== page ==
Researchers at the University of California at Riverside used a synthetic nanoscale antiferromagnetic to control the interaction between magnons – research that could lead to faster, more energy-efficient computers.
In ferromagnetics, the electron spins point in the same direction. To make future computing technologies faster and more energy efficient, spintronics research uses spin dynamics – fluctuations in electron spins – to process information. Magnons, the quantum mechanical units of spin fluctuations, interact with each other, leading to non-linear characteristics of spin dynamics. These nonlinearities play a central role in magnetic memory, spin torque oscillators and many other spintronic applications.
For example, in the emerging field of magnetic neuromorphic networks – a technology that mimics the brain – nonlinearities are essential for tuning the response of magnetic neurons. In addition, in another frontier field of research, nonlinear spin dynamics can become instrumental.
“We predict that the concepts of quantum information and spintronics will consolidate in hybrid quantum systems,” said Igor Barsukov, assistant professor in the Department of Physics and Astronomy who led the study that appears in Applied Materials & Interfaces . “We will have to control nonlinear spin dynamics at the quantum level to achieve their functionality.”
Barsukov explained that in nanomagnets, which serve as the building blocks of many spintronic technologies, magnons exhibit quantized energy levels. The interaction between magnons follows certain rules of symmetry. The research team learned to design the interaction of magnons and identified two approaches to achieve non-linearity: breaking the symmetry of the spin configuration of the nanomagnet; and modify the symmetry of the magnons. They chose the second approach.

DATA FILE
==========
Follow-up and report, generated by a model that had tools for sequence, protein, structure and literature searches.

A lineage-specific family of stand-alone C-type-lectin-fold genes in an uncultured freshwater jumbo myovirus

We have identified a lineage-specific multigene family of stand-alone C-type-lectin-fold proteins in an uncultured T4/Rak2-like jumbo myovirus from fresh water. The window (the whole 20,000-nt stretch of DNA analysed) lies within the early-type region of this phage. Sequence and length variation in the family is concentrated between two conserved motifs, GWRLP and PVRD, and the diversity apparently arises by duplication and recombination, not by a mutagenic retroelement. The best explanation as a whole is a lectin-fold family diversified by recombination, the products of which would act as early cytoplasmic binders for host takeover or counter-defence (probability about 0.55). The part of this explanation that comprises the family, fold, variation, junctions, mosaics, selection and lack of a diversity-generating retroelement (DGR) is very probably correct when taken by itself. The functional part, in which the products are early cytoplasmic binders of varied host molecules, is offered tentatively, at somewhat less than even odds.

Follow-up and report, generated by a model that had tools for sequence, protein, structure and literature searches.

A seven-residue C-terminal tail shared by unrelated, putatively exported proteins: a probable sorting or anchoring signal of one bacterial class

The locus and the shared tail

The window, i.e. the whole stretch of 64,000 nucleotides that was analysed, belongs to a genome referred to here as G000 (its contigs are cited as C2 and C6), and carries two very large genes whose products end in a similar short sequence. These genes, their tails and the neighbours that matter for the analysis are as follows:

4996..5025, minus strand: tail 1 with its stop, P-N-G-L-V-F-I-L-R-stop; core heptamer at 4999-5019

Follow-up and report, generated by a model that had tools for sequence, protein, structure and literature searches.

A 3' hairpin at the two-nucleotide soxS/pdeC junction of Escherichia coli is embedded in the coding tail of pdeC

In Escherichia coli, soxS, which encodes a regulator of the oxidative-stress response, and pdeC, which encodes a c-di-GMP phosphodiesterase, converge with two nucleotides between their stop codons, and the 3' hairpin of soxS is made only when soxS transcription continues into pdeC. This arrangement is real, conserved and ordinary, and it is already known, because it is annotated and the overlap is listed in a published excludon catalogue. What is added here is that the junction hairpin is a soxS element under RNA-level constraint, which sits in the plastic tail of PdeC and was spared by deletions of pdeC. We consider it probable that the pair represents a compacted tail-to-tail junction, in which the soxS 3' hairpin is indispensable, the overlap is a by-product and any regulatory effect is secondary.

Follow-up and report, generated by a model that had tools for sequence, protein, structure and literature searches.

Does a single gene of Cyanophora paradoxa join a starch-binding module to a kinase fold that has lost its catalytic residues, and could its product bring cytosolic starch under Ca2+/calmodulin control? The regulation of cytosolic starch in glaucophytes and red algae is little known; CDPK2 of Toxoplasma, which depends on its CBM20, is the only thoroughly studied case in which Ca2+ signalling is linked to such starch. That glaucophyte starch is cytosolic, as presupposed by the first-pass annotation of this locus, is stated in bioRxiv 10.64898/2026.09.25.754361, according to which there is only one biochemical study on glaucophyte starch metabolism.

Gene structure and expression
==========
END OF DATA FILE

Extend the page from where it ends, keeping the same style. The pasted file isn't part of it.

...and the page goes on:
“Changing the symmetry of magnons is the most difficult, but also the most application-friendly approach,” said Arezoo Etesamirad, lead author of the research paper and graduate student from Barsukov’s lab.
In their approach, the researchers subjected a nanomagnet to a magnetic field that showed non-uniformity at characteristic nanometer length scales. This nanoscale non-uniform magnetic field itself must have originated from another nanoscale object.
For a source of such a magnetic field, the researchers used a nanoscale synthetic antiferromagnetic, or SAF, made up of two ferromagnetic layers with an antiparallel spin orientation. In its normal state, the SAF generates virtually no stray fields – the magnetic field surrounding the SAF, which is very small. Once it undergoes the so-called spin-flop transition, the spins become tilted and the SAF generates a stray field with nanoscale non-uniformity, if necessary. The researchers switched the SAF between the normal state and the spin-flop state in a controlled manner to turn the symmetry breaking field on and off.
“We were able to manipulate the interaction coefficient of the magnons by at least an order of magnitude,” Etesamirad said. “This is a very promising result, which could be used to design coherent magnon coupling in quantum information systems, create distinct dissipative states in neuromorphic magnetic networks, and control large excitation regimes in torque devices. of spin. “
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Material provided by University of California – Riverside. Original written by Iqbal Pittalwala. Note: Content can be changed for style and length.